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Benefits of Vitamin A: Retinol, Carotenoids

The average consumer is usually well aware of the importance of micronutrients like vitamin C for immune support, iron to support oxygenation of your blood and tissues, and calcium for bones. Though it heads off the alphabet, vitamin A is often overlooked from discussions of essential nutrients yet it is still highly important for optimal health. Vitamin A is an umbrella term for a group of fat-soluble compounds called retinoids, including retinol, retinal, and retinyl esters.

Retinoids play key roles in numerous functions in the body and can be consumed in the diet in one of two forms: Preformed vitamin A (retinol and retinyl ester), which is found in animal sources like fish, liver, and dairy sources, and provitamin A carotenoids (namely beta-carotene), which are found in pigments of orange plant-based foods like carrots, sweet potatoes, and pumpkins.

Below, we share the health benefits of vitamin A, or retinoid, and explain the essential roles of these compounds in your body.

Benefits Of Vitamin A (Retinoid)

Vitamin A is involved in a host of physiological processes in the body necessary for the maintenance of human health.

Vitamin A Protects Your Vision and Supports Eye Health

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The most notable benefit of vitamin A is its crucial role in supporting eye health and vision. Deficiencies in vitamin A are associated with night blindness, macular degeneration, and other age-related declines in vision. Vitamin A serves as a major component in a pigment called rhodopsin, which is found in the retina of the eye. Night blindness can result in losses of rhodopsin because it is very sensitive to light and supports vision in low-light conditions. Vitamin A acts as an antioxidant, which means that it helps prevent oxidative damage in the body by scavenging for free radicals. As macular degeneration is largely attributed to oxidative damage, sufficient levels of vitamin A serve to protect and prevent oxidative damage to the cornea that can otherwise result in a loss of visual acuity.

Vitamin A Strengthens Bones

Micronutrients like calcium, vitamin D, and magnesium are critical for bone health, but so is vitamin A. Though the mechanisms aren’t yet fully understood, vitamin A deficiencies are linked to increased risks of fractures whereas diets highest in vitamin A have been shown to be associated with the lowest fracture incidence rates. Other good ways to improve bone density are to take on high-impact exercises like running, jumping rope, and plyometrics, as well as resistance training.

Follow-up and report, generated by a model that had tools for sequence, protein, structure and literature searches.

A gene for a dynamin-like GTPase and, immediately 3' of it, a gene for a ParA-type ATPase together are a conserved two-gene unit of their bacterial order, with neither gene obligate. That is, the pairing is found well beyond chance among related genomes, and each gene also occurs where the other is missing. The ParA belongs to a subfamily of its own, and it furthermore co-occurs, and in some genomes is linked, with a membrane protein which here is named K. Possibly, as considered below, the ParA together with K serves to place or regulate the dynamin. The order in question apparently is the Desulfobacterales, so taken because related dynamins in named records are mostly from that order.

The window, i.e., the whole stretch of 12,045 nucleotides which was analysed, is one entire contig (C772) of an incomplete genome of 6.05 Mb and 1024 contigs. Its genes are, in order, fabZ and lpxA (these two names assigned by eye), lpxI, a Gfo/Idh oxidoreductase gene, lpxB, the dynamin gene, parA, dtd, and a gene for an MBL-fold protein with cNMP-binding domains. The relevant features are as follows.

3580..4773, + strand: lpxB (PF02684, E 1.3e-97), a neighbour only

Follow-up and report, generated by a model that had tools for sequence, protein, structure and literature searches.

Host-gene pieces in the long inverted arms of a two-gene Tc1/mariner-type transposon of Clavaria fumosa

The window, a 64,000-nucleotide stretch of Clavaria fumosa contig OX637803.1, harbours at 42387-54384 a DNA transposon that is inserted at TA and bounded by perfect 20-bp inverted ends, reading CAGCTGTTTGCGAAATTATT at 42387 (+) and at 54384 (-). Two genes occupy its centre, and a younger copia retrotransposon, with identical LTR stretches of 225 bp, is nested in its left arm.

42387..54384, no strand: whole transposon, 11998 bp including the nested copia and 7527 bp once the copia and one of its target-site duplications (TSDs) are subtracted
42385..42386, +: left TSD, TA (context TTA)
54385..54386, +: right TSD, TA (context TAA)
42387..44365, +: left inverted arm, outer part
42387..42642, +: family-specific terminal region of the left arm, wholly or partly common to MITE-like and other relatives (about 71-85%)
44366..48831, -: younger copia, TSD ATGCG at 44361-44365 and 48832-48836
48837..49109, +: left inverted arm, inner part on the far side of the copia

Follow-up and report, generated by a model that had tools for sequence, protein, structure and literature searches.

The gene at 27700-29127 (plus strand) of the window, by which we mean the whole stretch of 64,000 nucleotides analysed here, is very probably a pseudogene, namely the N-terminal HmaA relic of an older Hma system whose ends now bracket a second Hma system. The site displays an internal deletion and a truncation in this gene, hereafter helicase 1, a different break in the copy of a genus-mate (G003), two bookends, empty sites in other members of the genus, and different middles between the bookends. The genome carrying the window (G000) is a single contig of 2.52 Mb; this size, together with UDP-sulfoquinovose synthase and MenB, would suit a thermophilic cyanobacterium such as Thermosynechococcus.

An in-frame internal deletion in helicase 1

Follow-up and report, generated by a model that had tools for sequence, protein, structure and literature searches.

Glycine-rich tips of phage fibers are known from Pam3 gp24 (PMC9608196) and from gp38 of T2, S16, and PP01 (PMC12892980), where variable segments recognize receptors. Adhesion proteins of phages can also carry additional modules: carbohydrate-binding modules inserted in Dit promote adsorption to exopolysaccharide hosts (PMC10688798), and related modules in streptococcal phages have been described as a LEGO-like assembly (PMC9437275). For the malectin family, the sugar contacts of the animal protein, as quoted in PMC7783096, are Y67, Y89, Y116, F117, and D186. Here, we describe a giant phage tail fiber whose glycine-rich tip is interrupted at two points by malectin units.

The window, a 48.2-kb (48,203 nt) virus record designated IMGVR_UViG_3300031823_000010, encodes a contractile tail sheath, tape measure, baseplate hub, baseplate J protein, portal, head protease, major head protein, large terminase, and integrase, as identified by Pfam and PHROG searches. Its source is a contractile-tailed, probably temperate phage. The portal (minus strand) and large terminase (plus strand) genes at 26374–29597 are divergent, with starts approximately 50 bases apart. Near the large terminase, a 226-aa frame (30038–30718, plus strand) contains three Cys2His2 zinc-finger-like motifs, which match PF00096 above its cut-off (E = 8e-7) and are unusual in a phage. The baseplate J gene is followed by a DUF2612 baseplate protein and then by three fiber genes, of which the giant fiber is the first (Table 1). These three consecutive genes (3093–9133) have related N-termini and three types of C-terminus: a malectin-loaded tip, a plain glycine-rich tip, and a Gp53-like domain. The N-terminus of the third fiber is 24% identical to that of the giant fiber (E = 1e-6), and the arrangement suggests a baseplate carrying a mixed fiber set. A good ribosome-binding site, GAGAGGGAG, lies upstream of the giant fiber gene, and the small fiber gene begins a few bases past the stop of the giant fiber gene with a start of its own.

Vitamin A Supports Clear Skin

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Retinoids are often used in skincare products, especially those that target acne, because these compounds (which fall under the umbrella of vitamin A) have been shown to clean and clear skin, preventing the formation of acne lesions and associated skin inflammation. A deficiency in vitamin A is thought to trigger hyperproliferation of keratin in hair follicles, which can cause blocked pores, oil production, and acne. In addition to considering a topical acne cleanser with retinol or other retinoids, ensuring your diet is rich in beta-carotene and vitamin A can work to keep your complexion clear and bright.

Vitamin A Can Reduce the Risk of Certain Types of Cancer

Studies have routinely demonstrated that consuming foods high in beta-carotene, like sweet potatoes and root veggies like carrots, can reduce the risk of certain cancers. Beta-carotene is converted to the activated form of vitamin A in the body, where it confers antioxidant properties and can prevent the abnormal and uncontrolled dividing of cancerous cells. It can also protect the cellular DNA from oxidative damage, which often precipitates mutations that lead to cancer. Accordingly, diets high in beta-carotene have been associated with reducing the risk of Hodgkin’s lymphoma, cervical, lung, bladder, and prostate cancer.

Vitamin A Boosts Your Immune System

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Vitamin C and zinc may be the popular immune system heroes, but vitamin A is a valuable player as well. Vitamin A helps produce and support the function of white blood cells, which travel through the bloodstream and fight pathogenic bacteria and viruses and clean up cellular debris. Furthermore, vitamin A helps maintain the integrity of mucosal barriers — like those in the gut, eyes, lungs, and genitals — which serve to trap infectious agents before they can enter the body, bloodstream, or airways.

Vitamin A Supports Reproduction

In addition to supporting the healthy growth of a fetus, adequate levels of vitamin A are required to maintain normal hormonal balance and reproductive function in both men and women. Studies have shown that vitamin A deficiencies lead to fertility issues in both sexes, inhibiting normal sperm development in men and egg quality and uterine implementation ability in women.

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